China's markets have closed out a rough week on a high note.
The Shanghai Composite closed 2% higher on Friday, while the Shenzhen Composite added 1.1%.
Still, the week saw steep losses. The Shanghai Composite shed 10%, while the Shenzhen Composite plummeted 14.3%.
Markets closed early twice this week after plunging 7%. On Thursday, trading was halted after only half an hour.
In a bid to calm nervous investors, Chinese officials have suspended the halting mechanism, which had been in effect for only four days. Regulators scrapped the so-called "circuit breakers" because many believe they were fueling sharp trading losses -- rather than taming them.
Peter Boockvar, chief market analyst at The Lindsey Group, said removing the circuit breakers could take some short-term pressure off Chinese stocks -- but won't be a cure-all.
"People now don't have that same deadline to sell...but China's stock market is going to go where it's going to go," said Boockvar.
China's disarray has caused chaos in global markets.
In the U.S., stocks have had one of their bleakest starts to a year. The wave of selling has knocked the Dow down 911 points, or 5%, so far this year. That's the worst four-day start to a year on record, according to FactSet stats that go back to 1897.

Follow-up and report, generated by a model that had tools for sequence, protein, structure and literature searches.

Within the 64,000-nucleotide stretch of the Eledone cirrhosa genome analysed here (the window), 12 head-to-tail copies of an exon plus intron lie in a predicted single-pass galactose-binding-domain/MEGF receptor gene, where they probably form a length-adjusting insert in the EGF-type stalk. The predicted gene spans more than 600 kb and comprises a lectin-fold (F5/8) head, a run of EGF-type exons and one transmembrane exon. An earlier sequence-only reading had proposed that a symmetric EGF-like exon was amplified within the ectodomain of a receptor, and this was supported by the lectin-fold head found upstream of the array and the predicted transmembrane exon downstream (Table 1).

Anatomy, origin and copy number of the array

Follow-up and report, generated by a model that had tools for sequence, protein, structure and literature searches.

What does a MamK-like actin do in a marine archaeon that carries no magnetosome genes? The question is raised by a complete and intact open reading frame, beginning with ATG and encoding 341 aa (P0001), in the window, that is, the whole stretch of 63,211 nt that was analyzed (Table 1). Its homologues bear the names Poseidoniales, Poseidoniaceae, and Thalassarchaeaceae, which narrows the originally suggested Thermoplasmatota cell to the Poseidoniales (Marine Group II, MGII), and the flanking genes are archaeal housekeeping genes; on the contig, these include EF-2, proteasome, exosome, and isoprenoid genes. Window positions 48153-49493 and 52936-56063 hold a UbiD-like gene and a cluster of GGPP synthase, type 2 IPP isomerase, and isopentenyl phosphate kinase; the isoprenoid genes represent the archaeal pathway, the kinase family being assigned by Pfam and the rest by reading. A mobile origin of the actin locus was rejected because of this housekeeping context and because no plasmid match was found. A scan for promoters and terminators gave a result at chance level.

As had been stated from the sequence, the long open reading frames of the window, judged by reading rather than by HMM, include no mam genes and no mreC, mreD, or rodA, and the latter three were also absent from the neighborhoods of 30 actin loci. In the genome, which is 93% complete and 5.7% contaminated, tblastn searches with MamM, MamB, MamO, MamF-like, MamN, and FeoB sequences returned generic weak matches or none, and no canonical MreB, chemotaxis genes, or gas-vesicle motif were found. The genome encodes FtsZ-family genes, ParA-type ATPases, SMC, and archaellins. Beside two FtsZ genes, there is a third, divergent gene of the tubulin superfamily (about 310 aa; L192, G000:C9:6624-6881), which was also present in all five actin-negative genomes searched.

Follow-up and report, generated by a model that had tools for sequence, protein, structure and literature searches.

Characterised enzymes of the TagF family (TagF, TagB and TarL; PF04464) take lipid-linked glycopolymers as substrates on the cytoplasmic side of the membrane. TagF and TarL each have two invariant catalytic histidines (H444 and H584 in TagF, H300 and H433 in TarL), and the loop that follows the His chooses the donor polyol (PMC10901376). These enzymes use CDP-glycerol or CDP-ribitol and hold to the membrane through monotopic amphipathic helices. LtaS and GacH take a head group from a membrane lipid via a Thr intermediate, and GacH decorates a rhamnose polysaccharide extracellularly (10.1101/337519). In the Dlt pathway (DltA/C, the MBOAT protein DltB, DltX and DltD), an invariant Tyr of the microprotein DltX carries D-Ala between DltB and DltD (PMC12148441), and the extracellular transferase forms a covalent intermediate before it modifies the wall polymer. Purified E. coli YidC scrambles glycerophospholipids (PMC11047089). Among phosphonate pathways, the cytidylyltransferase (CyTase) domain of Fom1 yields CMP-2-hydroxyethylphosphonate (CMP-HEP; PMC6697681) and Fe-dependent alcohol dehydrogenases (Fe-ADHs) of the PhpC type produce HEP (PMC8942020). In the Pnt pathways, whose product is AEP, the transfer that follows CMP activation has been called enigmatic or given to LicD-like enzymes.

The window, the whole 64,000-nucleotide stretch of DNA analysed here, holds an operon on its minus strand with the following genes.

Both the Dow and Nasdaq officially closed on Thursday in a "correction," signaling the first 10% drop from prior highs since last summer.
European stocks aren't faring any better.
The DAX, Germany's benchmark stock index, is off 7% for the year already and France's CAC 40 is down 5%. On Thursday, German carmakers that rely on exports to China were leading the losses -- Volkswagen ( slid 5%, while BMW and )Daimler ( both lost around 4% each. )
It's not helping that crude oil prices continue to tumble. They plummeted to a new 12-year low Thursday.
Investors are also alarmed by the steep decline in China's currency. The country's central bank set the yuan's value at the weakest level since March 2011. The currency devaluation may help boost growth, but it can hurt asset values and cause money to exit the country.
To that point, China's central bank said it burned through a record $108 billion in foreign-exchange reserves in December in an effort to slow the sharp devaluation of its currency. It still has $3.3 trillion in cash, but that's the lowest level since late 2012.
While investors should focus on China's economy, not its turbulent equity market, the economy isn't looking that great either. New reports released this week reinforce concerns over the pace of growth.
CNNMoney's Fear & Greed Index, which is calculated based on several market indicators, is also flashing "fear." Just a week ago it was in "neutral" territory.
-- Jonathan Stayton and Ivana Kottasova contributed to this report.